Emerging issue: Hiring bias against homeless
Employers in three states—Connecticut, Illinois and Rhode Island—must comply with what may be the nation’s most unique employment-related laws. Each of those states has a “Homeless Bill of Rights” that bans employment discrimination against homeless people. Employers cannot discriminate in hiring against people because they lack a permanent mailing address, or because their address is a homeless shelter.
As we’ve seen with many discrimination bills—such as unemployment discrimination—these ideas can quickly hop from state to state. A similar homeless-bias bill has been introduced in the California Legislature, and several municipalities have their own ordinances.
While some applicants may leave their address off their résumés because they are homeless, an increasing number actually do so for other reasons:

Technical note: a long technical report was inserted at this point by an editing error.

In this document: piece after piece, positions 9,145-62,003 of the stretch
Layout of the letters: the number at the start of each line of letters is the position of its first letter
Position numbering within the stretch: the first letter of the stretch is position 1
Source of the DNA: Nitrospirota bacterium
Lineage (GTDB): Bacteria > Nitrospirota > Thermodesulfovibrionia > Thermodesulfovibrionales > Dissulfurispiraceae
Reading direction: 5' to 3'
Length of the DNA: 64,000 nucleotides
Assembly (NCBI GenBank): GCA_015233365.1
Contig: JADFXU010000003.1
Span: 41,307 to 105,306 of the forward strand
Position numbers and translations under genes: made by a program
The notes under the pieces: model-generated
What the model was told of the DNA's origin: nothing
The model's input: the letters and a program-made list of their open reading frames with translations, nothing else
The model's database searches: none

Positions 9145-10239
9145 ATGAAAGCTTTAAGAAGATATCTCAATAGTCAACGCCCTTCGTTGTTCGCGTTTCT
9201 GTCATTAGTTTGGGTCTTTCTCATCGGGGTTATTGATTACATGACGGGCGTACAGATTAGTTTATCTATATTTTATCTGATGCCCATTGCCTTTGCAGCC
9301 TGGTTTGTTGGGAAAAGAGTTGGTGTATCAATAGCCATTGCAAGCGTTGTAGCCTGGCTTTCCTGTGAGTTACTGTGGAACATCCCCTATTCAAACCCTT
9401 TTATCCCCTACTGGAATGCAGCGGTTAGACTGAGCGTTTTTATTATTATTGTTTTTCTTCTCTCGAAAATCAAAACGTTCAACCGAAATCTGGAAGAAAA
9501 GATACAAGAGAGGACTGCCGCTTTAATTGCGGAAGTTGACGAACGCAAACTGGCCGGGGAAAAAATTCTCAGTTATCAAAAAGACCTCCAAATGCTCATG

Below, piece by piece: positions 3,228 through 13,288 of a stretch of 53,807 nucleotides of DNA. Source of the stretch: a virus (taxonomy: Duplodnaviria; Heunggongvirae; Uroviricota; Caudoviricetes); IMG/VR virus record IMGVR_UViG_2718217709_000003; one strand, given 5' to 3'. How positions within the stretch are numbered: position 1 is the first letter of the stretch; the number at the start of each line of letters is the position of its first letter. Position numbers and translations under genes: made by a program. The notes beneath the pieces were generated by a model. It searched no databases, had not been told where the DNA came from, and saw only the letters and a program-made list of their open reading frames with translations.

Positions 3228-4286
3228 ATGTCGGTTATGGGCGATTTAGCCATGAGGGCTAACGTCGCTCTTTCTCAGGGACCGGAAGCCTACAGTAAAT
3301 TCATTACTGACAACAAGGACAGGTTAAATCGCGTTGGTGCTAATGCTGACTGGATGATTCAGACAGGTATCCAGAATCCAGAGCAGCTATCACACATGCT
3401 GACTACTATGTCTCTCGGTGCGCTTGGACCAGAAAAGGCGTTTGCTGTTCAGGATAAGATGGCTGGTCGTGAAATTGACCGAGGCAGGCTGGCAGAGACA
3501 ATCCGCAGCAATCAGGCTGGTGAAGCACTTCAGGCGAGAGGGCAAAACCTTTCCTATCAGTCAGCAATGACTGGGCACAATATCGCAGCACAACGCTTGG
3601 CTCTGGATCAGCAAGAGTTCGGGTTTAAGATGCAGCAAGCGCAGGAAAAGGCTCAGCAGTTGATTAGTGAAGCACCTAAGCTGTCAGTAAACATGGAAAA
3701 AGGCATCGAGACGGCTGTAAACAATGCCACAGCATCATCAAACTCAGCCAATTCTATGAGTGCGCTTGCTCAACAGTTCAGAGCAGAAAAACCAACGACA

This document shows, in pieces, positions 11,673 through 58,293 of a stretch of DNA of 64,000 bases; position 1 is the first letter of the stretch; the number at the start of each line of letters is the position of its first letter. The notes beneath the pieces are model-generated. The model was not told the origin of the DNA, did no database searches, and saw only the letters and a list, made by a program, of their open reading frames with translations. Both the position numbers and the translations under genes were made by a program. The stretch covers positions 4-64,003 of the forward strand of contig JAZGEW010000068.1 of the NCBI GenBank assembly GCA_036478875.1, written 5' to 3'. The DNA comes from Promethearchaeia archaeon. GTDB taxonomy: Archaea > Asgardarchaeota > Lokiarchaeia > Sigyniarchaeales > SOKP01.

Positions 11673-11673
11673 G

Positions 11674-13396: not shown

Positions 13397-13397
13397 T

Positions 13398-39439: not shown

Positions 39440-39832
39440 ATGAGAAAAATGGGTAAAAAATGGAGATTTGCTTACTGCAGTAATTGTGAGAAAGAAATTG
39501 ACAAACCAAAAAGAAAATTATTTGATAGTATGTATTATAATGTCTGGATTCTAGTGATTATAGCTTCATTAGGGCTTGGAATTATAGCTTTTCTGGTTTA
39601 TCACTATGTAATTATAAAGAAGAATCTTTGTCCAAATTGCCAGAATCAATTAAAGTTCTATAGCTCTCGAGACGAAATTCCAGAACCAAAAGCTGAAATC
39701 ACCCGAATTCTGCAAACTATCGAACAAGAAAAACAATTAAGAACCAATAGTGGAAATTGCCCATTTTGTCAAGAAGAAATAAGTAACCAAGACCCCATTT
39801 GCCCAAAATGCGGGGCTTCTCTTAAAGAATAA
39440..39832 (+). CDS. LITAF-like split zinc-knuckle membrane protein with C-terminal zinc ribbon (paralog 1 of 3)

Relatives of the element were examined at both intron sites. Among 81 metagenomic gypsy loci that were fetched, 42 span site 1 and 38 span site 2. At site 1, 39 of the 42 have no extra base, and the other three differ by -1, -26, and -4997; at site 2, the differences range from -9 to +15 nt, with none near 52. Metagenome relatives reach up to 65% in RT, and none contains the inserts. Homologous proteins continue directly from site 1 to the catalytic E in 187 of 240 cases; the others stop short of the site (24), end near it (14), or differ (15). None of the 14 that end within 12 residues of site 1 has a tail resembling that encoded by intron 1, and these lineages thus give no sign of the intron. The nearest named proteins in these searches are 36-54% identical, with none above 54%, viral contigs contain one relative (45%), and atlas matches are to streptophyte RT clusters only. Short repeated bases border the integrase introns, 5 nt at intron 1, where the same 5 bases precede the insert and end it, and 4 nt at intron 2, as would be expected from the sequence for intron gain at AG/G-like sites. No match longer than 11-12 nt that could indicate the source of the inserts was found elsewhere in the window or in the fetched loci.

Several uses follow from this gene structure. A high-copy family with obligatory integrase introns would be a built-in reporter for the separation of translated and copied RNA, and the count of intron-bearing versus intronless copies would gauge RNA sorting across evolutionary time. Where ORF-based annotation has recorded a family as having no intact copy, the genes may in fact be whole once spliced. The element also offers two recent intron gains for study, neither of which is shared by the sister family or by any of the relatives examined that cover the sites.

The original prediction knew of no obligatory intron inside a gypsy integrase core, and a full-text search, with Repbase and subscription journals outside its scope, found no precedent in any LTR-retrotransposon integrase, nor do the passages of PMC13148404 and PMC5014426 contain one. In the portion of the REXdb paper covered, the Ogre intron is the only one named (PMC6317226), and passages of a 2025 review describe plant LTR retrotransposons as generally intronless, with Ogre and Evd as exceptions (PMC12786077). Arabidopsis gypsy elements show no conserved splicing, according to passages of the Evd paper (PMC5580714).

1. Fear of disqualification based on location. Some employers admit they prefer local candidates because they worry that employees with long commutes will have attendance problems. Keep in mind that the applicant may be willing to relocate or could thrive despite long commutes.
2. Fear of bias based on location. Applicants may fear that stereotypes about low-income or predominantly minority neighborhoods could hurt their chances of being called.
3. Identity theft/privacy concerns. Some may be trying to limit the amount of personal information they give out.